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In nominating the late Marion Bressler, former student Woodrow Deitrich called her “the most devoted teacher you could imagine,” citing how she graded “huge numbers of written blue-book exams, reading all of them twice to determine and fair grade for each student."

He went on to say, “Mrs. Bressler was an outstanding and memorable teacher of AP History for decades. Among the many students she influenced was the famed political scientist, Francis Fukuyama (Class of 1970).”

This excerpt from Marion’s obituary, upon her passing in 2013 at the age of 91, tells a beautiful story of a life well-lived:

“In 1948 she married Leo A. Bressler. In 1951 the couple moved to State College with the first of their two children. Marion Bressler taught American history at the University Park campus of Penn State until 1959, when she joined the faculty at the newly-built State College Area High School. In 1960 she introduced the Advanced Placement program at SCAHS, making this among the first public high schools in the nation to adopt the Educational Testing Service curriculum. She joined ETS as a consultant, served by invitation as a reader/grader for AP exams at Princeton, NJ, and conducted seminars for AP American history teachers from throughout the Northeast. In the mid-1960s she served as president of the State College Area Education Association.

From 1965 to 1983, while still a full-time faculty member at SCAHS, she also taught in the Penn State Continuing Education program. From 1971 to 1975 she offered in addition a PSU summer graduate course in humanities for secondary-school instructors. With her husband she co-authored two books on modern social and political issues published by Prentice Hall (1970, 1977), and co-edited a collection of readings in American history issued by Houghton-Mifflin (1972). As an educator, she remembered fondly her cooperation with then Assistant Coach Joe Paterno as she tutored members of the PSU football team, including several of its greatest players.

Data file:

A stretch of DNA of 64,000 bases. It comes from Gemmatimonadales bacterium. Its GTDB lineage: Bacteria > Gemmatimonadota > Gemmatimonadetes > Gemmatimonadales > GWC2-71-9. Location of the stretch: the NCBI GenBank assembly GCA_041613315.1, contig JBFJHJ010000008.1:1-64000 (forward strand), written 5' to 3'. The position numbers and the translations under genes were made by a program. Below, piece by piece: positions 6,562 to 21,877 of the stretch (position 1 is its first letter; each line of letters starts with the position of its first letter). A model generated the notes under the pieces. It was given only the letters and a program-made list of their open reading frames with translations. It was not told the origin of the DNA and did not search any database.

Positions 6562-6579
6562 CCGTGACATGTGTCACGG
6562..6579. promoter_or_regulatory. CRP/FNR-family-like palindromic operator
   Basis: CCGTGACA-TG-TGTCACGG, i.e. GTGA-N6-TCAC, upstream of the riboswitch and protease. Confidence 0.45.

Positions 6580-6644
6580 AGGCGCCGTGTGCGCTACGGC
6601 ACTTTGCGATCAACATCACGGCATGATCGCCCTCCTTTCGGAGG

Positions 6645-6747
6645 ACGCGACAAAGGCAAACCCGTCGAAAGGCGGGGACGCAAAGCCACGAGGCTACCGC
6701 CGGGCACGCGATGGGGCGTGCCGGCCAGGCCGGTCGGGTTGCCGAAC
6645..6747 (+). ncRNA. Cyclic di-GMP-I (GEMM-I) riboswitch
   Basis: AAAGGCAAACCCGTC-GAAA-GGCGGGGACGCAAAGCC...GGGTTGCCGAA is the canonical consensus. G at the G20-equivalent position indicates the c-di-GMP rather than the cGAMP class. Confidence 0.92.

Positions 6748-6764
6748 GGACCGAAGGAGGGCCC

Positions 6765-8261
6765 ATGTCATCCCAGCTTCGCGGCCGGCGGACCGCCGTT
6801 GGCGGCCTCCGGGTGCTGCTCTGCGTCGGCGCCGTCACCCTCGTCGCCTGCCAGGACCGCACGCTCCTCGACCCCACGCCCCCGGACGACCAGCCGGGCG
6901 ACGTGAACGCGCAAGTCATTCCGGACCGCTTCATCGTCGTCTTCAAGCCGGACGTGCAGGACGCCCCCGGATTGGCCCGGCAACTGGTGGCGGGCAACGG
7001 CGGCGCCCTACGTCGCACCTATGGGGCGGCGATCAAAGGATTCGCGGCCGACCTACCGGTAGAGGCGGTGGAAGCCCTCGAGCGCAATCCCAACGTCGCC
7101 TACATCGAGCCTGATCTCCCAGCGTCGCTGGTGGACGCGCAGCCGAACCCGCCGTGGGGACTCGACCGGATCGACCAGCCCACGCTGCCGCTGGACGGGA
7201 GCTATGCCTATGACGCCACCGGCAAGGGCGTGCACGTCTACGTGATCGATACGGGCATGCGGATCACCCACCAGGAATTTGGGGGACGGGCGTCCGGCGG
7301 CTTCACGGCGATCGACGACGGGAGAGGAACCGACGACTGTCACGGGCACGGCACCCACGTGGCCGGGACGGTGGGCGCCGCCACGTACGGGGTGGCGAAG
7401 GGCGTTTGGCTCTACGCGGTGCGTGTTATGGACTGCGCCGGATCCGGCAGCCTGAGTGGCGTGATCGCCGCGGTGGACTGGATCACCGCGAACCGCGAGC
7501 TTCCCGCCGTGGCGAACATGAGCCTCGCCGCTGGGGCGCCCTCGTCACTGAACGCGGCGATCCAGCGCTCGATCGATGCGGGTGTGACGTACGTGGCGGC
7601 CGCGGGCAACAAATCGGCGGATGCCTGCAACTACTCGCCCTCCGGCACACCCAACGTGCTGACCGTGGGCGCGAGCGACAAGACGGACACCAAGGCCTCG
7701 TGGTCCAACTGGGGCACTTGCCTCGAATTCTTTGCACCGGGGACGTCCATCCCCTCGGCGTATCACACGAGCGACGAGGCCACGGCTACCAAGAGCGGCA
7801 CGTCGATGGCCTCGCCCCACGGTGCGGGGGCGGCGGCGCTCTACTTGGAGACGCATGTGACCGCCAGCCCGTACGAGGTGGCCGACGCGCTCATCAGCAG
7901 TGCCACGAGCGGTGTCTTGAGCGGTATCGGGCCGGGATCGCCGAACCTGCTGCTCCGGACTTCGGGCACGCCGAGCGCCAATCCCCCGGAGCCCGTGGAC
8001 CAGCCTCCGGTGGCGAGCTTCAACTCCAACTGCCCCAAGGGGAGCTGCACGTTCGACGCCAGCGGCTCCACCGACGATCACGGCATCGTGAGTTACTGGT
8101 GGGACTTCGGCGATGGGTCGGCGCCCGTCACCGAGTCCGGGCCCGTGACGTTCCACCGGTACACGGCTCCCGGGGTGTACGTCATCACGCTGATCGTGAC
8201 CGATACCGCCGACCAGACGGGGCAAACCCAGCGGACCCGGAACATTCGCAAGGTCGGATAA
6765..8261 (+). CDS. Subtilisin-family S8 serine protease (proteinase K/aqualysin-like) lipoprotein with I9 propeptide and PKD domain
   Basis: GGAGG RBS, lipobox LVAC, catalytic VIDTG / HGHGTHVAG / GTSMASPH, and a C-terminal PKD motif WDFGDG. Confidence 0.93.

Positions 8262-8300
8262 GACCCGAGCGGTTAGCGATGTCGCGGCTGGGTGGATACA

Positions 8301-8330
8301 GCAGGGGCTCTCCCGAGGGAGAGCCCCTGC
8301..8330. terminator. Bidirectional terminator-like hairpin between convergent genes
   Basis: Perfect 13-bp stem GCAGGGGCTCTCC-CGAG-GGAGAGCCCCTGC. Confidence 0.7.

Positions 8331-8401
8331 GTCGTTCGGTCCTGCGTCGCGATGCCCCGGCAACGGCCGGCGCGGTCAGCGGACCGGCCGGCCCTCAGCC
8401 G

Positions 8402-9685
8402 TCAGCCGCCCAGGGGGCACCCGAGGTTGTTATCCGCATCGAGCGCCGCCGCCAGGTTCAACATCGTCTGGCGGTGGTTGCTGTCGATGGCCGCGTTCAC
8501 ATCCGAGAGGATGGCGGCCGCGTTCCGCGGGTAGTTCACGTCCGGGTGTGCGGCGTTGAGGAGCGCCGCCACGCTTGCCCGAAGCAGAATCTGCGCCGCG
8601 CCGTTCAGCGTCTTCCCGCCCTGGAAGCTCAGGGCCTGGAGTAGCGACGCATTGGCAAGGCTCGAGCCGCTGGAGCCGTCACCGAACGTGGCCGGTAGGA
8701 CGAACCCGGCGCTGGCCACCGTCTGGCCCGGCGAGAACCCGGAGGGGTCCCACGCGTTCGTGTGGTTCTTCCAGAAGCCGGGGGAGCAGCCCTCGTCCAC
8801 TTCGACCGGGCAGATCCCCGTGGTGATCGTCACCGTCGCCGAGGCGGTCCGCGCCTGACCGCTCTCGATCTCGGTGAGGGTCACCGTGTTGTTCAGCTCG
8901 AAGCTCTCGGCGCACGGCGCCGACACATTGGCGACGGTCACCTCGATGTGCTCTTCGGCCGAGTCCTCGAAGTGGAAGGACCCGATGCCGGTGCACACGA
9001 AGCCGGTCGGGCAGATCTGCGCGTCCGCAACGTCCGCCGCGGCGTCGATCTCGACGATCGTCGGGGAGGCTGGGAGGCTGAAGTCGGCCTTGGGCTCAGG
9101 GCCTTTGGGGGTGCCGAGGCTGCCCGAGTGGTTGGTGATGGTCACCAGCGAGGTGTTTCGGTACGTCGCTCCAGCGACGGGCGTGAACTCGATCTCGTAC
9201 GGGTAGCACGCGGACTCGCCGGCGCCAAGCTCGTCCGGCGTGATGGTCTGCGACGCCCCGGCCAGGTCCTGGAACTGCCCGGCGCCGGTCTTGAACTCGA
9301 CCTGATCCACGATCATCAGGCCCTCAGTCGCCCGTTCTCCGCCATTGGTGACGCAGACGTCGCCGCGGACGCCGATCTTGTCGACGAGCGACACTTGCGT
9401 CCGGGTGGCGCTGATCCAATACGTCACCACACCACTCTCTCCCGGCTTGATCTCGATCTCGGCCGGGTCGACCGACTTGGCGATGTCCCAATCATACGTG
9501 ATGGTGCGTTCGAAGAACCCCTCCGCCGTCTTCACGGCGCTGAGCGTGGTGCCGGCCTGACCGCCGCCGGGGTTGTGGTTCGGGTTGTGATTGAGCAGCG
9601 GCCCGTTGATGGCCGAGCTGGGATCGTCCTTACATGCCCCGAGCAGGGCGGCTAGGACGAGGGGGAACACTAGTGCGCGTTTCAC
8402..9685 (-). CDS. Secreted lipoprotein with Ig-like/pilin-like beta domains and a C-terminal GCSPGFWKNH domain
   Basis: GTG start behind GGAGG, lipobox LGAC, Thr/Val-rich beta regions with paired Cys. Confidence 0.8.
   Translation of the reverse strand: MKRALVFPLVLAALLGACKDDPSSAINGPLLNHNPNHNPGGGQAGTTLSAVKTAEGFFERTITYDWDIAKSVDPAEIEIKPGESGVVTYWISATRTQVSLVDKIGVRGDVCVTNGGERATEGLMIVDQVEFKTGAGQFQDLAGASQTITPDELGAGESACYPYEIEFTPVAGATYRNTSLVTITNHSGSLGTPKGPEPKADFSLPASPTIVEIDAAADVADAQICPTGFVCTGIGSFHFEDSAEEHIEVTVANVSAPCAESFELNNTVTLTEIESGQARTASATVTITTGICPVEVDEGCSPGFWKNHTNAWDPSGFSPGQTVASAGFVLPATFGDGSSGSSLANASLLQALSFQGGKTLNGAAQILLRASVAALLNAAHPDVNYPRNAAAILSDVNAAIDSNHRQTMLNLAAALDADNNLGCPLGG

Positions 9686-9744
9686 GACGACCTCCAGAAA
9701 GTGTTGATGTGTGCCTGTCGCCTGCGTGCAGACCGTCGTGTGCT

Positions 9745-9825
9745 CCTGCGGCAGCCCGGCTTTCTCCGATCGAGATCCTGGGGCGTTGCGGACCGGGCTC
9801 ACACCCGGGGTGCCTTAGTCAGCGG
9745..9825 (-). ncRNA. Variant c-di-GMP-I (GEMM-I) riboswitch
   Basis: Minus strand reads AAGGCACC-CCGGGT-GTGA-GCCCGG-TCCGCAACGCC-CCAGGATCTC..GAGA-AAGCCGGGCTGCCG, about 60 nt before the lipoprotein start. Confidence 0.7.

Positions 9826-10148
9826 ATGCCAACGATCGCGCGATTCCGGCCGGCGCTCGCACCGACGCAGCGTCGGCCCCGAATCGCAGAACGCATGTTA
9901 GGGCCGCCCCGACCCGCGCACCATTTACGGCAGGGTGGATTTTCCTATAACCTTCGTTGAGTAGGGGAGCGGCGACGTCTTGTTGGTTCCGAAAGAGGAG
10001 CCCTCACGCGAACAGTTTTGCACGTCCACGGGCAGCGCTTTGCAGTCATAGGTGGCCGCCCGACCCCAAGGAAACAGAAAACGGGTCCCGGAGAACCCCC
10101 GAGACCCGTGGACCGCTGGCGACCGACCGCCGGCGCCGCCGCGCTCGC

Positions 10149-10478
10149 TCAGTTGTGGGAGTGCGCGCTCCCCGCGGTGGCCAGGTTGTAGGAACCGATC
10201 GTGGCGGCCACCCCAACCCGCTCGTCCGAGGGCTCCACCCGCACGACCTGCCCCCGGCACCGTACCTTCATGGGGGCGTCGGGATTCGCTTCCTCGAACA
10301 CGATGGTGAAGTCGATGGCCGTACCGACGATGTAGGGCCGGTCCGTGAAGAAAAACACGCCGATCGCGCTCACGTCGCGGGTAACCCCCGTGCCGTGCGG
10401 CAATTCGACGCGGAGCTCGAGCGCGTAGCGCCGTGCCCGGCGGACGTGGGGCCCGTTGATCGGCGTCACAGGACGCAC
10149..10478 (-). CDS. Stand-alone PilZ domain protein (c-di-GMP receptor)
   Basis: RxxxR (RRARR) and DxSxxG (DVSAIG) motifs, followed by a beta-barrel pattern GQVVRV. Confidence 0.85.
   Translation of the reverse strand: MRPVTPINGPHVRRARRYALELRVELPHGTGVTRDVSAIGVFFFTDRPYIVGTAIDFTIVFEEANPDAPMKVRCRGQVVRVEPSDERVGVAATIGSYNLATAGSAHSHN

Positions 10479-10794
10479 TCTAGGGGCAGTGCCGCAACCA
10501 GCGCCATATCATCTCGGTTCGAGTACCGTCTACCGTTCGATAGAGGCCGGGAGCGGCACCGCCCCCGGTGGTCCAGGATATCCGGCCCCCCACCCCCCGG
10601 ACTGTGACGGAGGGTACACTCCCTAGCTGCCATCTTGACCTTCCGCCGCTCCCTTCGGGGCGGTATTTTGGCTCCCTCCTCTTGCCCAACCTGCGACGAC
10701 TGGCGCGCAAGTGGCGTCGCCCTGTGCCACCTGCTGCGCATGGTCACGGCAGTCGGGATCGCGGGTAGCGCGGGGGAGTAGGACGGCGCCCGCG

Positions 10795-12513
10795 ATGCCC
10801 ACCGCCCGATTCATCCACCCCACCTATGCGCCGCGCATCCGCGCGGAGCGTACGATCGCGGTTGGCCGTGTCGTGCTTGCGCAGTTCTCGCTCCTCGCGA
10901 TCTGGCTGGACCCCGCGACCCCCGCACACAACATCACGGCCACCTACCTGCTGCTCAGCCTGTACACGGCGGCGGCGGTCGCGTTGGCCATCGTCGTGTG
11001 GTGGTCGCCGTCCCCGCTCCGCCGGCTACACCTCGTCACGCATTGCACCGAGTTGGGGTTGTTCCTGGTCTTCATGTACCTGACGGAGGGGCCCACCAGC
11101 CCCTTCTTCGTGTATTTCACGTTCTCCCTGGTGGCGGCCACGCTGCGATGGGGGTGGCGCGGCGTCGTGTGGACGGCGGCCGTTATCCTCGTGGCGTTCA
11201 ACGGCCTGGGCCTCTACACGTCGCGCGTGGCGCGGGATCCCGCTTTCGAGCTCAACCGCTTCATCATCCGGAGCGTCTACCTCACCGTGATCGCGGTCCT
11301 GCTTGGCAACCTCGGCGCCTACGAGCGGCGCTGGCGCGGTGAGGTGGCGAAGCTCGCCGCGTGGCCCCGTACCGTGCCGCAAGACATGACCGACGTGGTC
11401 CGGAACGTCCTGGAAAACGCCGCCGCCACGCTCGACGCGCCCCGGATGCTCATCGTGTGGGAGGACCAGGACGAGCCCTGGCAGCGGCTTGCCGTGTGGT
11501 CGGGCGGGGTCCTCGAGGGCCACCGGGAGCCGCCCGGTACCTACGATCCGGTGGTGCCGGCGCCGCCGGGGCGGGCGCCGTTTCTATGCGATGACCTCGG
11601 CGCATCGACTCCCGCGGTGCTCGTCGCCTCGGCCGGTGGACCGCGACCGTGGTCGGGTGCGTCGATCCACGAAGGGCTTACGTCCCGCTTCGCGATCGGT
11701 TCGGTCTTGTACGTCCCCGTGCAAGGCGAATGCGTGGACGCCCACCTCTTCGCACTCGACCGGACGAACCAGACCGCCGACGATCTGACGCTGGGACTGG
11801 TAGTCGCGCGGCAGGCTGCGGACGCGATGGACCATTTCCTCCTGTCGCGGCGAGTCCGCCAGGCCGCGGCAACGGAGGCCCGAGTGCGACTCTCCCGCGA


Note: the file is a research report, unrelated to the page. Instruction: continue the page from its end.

After her formal retirement in 1983, Marion continued as a regular substitute at SCAHS, and as an ETS consultant. She found new fulfillment in designing and teaching courses for the Community Academy for Lifelong Learning (CALL), continuing this involvement well into her ninth decade. In 2000 the Centre County Bicentennial Committee honored her as a Central Pennsylvania "Living Legend" in education. She never stopped dreaming of a return to the classroom and recapturing the thrill she experienced in sharing her love of American History. During her last years she remained in communication with generations of her students, and she was touched to the heart by those who continued to send appreciative notes and fond greetings even after she could no longer respond in kind.

Nothing brought her greater joy than spending time with her children, their spouses, and her grandchildren. Although she did not live to see the birth of her first great-grandchild, expected in the summer of 2013, her happiness at the announcement last fall knew no bounds. Her devotion to family, friends, and teaching defined Marion Bressler; her deepest wish for her students, friends, and descendants was that they should continue to see family and education as the very anchors of the Christian life."

Marion was also a devoted friend to many, an active member of Faith United Church of Christ for nearly sixty years, and a volunteer for local non-profits. She is survived by children William Bressler, M.D. and his wife Linda Mowery Bressler (Huntingdon, PA); her daughter, Ann Lee Bressler, Ph.D. and her husband Robin B. Barnes, Ph.D. (Davidson, NC); as well as many grandchildren and great-grandchildren.